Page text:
HAYHURST: I don’t necessarily think that it is entirely velocity’s fault, but I will say that a large part of it is. It’s not just velocity in and of itself but the obsession with it. And the reason I say this is because it’s not like Little League says, "This is what you should do in the big leagues." It’s always the opposite. The big leagues always dictates pretty much what every league will try and do beneath it. But if you look at the two poles from where baseball begins in a person’s life to where it ends up, there’s this thinking that you go from Little League to the big leagues and the rules will apply the same way all the way through. It couldn’t be more opposite. People still think about the biggest sample, the Little League base, and then the big leagues, which is the most prominent sample. What they forget is, in order to get into pro ball, you have to impress the people who hold the gate to pro ball, and the people who hold the gate are only impressed by certain tool sets because certain tool sets, if they’re in high quantity, they increase the probability of who gets drafted and who’ll actually pan out in the big leagues. And if that happens, then a scout can take a risk on a guy knowing that if this guy will pan out, he’ll make more money or not lose his job and he’ll get to stay around the game longer. So this whole kill-or-be-killed, fit-through-the-eye-of-a-needle process kind of takes over once you start getting into high school, college, summer ball on the precipice of pro ball. And the separator for kids is they have to throw really hard because results are always going to get discounted at the amateur level. They’re always going to say, "Well, it’s college. College hitters aren’t that good." Or maybe, "It’s summer ball. Summer ball hitters aren’t that good." So none of that matters to them, but velocity does. It’s like speed. If you’re fast, you can always run fast. If you can throw hard, you’ll always throw hard! You may not always hit for power, so in a game of chance and "what have you done lately?" … these skills that people think can translate over everything are way more valuable, and velocity therefore becomes more valuable.

The problem is that in order to get drafted, you have to be in the right spot at the right time, which means you need to throw all the time, whenever you get a chance to, as hard as you can each time in order to impress a radar gun. So by the time you’ve gotten into pro ball, you’re already accustomed to throwing as hard as you possibly can every time you get the opportunity, which better be every day because that’s the only way you’re going to get drafted. So now there’s a huge amount of wear and tear on your body while it’s developing, and you get into the big leagues and you’re already beat up. All the hoops you had to jump through set you up to break by the time you actually make money for what you’ve done.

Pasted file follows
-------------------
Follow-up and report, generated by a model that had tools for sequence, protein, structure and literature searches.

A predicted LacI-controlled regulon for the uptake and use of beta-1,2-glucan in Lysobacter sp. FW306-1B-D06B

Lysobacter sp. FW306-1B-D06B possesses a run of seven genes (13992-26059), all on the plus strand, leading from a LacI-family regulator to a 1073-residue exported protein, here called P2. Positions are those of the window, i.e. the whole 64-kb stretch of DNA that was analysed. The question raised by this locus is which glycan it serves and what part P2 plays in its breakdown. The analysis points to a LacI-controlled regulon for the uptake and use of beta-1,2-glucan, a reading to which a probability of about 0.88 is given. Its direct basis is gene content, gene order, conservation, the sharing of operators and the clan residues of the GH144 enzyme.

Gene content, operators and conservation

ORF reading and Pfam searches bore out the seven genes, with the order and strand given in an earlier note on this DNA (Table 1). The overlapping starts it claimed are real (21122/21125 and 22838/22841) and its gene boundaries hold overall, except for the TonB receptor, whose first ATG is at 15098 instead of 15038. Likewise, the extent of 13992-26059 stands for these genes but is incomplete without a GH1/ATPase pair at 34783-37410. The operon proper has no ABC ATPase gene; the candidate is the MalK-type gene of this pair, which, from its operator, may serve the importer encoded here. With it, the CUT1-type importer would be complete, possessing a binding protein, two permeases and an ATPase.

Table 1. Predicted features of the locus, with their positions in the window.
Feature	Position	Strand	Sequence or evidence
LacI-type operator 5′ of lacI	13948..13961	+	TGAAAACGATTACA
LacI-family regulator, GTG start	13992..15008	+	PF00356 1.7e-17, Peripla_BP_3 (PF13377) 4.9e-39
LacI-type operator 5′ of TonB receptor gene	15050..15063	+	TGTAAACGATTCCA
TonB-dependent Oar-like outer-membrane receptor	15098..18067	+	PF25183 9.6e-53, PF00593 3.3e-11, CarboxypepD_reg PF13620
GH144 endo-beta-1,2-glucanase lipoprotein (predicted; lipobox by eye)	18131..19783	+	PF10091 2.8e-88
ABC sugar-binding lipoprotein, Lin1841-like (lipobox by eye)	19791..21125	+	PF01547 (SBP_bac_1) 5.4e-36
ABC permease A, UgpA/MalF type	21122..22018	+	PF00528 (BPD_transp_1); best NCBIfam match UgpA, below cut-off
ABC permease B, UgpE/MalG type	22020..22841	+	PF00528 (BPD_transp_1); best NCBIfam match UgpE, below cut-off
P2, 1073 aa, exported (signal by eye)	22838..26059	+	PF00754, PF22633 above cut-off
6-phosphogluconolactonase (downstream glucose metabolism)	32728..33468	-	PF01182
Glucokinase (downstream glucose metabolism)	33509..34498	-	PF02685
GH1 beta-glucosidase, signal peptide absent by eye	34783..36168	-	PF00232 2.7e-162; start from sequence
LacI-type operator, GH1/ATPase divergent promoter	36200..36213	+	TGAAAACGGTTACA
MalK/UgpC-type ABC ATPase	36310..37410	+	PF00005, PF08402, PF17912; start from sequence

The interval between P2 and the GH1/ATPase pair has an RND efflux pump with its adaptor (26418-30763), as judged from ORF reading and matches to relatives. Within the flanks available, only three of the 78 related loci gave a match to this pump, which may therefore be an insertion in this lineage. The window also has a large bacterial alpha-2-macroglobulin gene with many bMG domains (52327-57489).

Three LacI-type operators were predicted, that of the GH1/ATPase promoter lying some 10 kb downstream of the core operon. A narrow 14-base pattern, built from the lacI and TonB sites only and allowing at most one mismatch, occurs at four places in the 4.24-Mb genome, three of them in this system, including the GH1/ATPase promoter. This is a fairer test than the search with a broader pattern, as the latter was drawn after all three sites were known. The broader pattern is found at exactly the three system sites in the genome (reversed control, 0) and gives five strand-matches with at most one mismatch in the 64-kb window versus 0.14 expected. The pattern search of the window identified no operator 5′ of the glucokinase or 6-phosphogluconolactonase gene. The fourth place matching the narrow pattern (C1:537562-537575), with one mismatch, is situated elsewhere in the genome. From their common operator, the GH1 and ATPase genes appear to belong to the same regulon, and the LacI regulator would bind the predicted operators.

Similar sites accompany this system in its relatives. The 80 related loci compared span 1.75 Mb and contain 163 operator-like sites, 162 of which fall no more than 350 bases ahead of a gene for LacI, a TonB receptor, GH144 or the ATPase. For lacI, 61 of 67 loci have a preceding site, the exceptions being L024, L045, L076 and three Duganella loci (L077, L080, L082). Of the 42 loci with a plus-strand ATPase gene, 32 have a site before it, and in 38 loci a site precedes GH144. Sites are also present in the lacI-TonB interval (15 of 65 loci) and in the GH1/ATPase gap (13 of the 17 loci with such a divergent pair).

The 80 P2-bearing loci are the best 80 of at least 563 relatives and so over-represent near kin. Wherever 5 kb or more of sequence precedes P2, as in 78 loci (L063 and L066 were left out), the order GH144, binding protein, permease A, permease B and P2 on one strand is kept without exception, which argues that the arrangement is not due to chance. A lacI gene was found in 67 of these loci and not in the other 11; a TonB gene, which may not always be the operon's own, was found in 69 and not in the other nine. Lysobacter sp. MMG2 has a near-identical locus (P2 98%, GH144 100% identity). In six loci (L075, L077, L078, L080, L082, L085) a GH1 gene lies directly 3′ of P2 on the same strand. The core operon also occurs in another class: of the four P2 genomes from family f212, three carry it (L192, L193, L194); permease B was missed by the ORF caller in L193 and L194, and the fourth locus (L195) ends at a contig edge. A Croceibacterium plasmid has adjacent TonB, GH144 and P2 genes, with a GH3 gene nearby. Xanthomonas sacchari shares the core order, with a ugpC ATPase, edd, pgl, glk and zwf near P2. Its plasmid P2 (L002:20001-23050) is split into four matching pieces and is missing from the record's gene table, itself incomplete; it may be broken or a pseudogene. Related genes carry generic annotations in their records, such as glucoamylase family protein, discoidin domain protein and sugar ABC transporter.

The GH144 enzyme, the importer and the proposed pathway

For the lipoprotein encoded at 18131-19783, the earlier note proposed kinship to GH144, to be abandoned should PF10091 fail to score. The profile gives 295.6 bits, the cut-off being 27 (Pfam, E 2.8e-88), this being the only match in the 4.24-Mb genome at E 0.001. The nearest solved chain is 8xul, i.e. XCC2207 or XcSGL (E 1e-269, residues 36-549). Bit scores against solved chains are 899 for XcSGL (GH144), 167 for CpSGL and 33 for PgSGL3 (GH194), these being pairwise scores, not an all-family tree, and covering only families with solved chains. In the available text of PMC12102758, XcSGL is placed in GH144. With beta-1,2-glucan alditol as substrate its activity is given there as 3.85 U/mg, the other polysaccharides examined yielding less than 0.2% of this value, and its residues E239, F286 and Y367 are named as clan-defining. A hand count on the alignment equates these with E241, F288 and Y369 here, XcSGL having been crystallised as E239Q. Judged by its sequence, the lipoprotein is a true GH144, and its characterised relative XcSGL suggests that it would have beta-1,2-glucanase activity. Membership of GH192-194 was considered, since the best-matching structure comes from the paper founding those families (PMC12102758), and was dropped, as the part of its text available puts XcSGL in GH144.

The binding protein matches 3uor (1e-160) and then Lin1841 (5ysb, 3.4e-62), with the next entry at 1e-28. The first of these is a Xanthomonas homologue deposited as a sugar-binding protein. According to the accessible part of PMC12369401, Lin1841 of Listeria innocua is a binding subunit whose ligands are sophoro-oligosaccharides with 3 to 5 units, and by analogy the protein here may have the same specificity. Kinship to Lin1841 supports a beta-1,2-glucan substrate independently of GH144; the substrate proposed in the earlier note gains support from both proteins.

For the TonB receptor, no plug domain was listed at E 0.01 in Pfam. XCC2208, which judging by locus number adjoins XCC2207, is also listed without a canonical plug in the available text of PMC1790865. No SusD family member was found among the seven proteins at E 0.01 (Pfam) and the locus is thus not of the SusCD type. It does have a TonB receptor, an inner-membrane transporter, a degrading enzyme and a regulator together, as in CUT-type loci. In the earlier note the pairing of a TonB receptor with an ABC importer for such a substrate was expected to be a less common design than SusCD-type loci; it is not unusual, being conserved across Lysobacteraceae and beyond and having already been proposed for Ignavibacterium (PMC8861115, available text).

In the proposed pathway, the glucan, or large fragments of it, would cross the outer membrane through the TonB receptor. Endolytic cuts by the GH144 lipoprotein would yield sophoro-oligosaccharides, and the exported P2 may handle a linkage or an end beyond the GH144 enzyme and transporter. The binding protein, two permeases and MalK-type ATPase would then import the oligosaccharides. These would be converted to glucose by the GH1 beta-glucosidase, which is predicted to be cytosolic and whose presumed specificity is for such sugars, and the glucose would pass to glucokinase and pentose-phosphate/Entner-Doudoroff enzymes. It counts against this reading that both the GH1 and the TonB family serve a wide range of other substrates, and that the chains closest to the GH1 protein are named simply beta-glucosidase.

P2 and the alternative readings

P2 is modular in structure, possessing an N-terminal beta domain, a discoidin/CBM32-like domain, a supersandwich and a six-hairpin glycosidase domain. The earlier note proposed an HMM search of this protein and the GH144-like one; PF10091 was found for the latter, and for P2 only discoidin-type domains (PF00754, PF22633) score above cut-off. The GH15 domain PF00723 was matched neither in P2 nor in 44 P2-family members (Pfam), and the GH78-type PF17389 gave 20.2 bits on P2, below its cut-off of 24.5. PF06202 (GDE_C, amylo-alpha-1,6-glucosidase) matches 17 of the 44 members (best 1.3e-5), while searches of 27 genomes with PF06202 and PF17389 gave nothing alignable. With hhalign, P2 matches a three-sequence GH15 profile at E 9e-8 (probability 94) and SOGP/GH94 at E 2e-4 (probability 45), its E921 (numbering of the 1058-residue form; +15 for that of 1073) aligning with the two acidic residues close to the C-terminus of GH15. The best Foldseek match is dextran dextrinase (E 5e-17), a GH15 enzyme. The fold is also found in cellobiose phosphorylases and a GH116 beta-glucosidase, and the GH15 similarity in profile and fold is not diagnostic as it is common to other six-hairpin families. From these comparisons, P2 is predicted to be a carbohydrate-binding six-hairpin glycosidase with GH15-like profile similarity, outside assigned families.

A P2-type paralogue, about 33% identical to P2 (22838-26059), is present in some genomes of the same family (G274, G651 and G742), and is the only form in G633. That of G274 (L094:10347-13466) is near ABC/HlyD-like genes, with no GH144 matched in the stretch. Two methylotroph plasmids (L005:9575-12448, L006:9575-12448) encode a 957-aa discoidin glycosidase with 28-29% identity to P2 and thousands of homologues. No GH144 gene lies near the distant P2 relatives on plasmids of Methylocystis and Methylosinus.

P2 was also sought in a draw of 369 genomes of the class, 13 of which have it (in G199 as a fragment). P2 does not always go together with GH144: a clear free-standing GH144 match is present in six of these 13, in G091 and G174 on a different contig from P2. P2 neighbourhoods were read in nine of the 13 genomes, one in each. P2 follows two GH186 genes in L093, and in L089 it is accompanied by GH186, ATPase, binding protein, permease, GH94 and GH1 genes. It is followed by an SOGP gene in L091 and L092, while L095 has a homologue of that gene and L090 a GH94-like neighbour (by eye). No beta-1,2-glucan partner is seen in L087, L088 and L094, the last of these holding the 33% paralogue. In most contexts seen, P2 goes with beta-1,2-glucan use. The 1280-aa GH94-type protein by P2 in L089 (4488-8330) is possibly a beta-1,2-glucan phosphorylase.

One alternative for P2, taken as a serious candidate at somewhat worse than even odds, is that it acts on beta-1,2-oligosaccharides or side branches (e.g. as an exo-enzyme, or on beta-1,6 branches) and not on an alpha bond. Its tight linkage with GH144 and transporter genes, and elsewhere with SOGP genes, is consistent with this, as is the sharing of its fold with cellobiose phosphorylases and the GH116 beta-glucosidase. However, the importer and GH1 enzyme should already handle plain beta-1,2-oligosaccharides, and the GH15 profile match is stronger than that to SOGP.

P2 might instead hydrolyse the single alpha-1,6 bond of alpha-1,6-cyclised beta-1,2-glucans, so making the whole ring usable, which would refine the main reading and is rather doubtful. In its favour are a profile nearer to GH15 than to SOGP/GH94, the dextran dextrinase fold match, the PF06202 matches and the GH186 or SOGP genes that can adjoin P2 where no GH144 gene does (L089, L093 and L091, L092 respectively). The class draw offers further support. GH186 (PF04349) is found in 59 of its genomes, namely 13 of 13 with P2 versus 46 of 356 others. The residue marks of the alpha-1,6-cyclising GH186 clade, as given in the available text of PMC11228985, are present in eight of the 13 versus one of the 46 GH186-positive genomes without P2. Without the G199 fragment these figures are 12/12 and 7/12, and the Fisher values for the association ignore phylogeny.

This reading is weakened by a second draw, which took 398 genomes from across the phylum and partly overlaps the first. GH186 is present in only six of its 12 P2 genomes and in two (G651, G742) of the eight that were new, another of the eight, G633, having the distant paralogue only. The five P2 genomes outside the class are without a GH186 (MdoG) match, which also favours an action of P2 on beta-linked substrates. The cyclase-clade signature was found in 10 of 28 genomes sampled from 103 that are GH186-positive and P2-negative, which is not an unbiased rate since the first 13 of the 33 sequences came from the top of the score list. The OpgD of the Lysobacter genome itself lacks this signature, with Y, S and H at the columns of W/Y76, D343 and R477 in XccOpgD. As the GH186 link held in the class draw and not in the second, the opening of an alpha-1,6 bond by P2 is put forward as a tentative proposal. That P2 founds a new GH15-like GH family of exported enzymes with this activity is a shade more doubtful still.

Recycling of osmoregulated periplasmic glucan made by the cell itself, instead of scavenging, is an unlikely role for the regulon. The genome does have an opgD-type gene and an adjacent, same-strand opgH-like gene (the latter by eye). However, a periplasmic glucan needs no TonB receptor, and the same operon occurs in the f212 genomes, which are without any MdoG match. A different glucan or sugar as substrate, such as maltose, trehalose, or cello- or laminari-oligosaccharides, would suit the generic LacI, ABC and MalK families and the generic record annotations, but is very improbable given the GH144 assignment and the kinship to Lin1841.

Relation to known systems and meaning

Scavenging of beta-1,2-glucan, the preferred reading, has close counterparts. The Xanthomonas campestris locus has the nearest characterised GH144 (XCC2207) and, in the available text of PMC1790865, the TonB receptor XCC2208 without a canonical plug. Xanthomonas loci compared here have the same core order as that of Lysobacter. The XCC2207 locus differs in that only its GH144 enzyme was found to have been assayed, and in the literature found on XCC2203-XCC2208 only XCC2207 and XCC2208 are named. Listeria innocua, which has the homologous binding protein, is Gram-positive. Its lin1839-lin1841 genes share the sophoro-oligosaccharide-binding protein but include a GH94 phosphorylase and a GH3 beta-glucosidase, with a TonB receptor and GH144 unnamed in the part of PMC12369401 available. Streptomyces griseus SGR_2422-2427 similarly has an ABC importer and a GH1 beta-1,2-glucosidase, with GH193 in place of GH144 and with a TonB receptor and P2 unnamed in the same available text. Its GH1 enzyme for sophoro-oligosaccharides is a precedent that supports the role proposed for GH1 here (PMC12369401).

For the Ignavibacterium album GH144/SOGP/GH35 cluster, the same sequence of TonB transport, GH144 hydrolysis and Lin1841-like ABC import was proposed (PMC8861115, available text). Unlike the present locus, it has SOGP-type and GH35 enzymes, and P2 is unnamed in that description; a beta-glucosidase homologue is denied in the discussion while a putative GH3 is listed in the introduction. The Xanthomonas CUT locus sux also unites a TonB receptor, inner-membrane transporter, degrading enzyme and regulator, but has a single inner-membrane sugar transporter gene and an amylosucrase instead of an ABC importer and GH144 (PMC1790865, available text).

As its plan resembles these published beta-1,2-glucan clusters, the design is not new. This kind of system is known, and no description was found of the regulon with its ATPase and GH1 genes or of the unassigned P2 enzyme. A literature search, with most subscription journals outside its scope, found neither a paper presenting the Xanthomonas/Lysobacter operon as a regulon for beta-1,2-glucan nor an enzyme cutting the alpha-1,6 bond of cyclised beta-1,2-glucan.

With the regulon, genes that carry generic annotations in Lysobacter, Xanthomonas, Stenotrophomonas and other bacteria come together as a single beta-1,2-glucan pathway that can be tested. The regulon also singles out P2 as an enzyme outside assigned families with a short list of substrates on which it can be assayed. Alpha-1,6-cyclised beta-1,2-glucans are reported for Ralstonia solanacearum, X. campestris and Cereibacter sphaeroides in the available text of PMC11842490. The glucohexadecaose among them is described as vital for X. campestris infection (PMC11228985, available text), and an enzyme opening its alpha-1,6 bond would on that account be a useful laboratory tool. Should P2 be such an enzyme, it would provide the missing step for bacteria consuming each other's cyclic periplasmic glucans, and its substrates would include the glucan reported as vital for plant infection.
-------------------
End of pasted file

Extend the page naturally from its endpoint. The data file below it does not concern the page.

3. MALINOWSKI: So what can be done?

HAYHURST: I would love to see baseball as 50 percent Mark Buehrles as opposed to 50 percent "guy I don’t know and will never really get a chance to know because he’s on the DL and I never hear about him anymore." But I think that "pitchability" has always been underrated, and it’s gotten more underrated as time has gone by. The problem is that now you’re not just talking about pure results. If you look at where modern baseball is trending in terms of sabermetrics, which is saying that guys with higher velocities tend to make more mistakes but they don’t get punished for those mistakes, whereas a guy at a lower velocity can make the same amount of mistakes and he’ll get punished for more of them. And then we turn that into cruel, hard math and then we trust that math, the math actually does pan out. If you throw harder than the human body can naturally react to, you should have an advantage. Now you can raise the whole correlation/causation issue if you want, but I think if we were focused more on execution — you can still be successful, you just can’t make as many mistakes. From what I know as a player and from what I know of sabermetrics and probabilities, I will say that you can still be as successful not throwing hard; you just have to make less mistakes. And people have made less mistakes for a very long period of time and they’ve been alright! Baseball can adopt that model again, but now it’s going to need hard data to support that again. I think what’ll start pushing that forward is the cost/risk/benefit ratio of monitoring the health of players and how that affects the financial underpinnings of an organization, once someone can say, "Well, if we keep so-and-so’s pitch count under this or keep so-and-so on a velocity threshold, it’s been proven over the last decade that we’re going to get more innings out of him."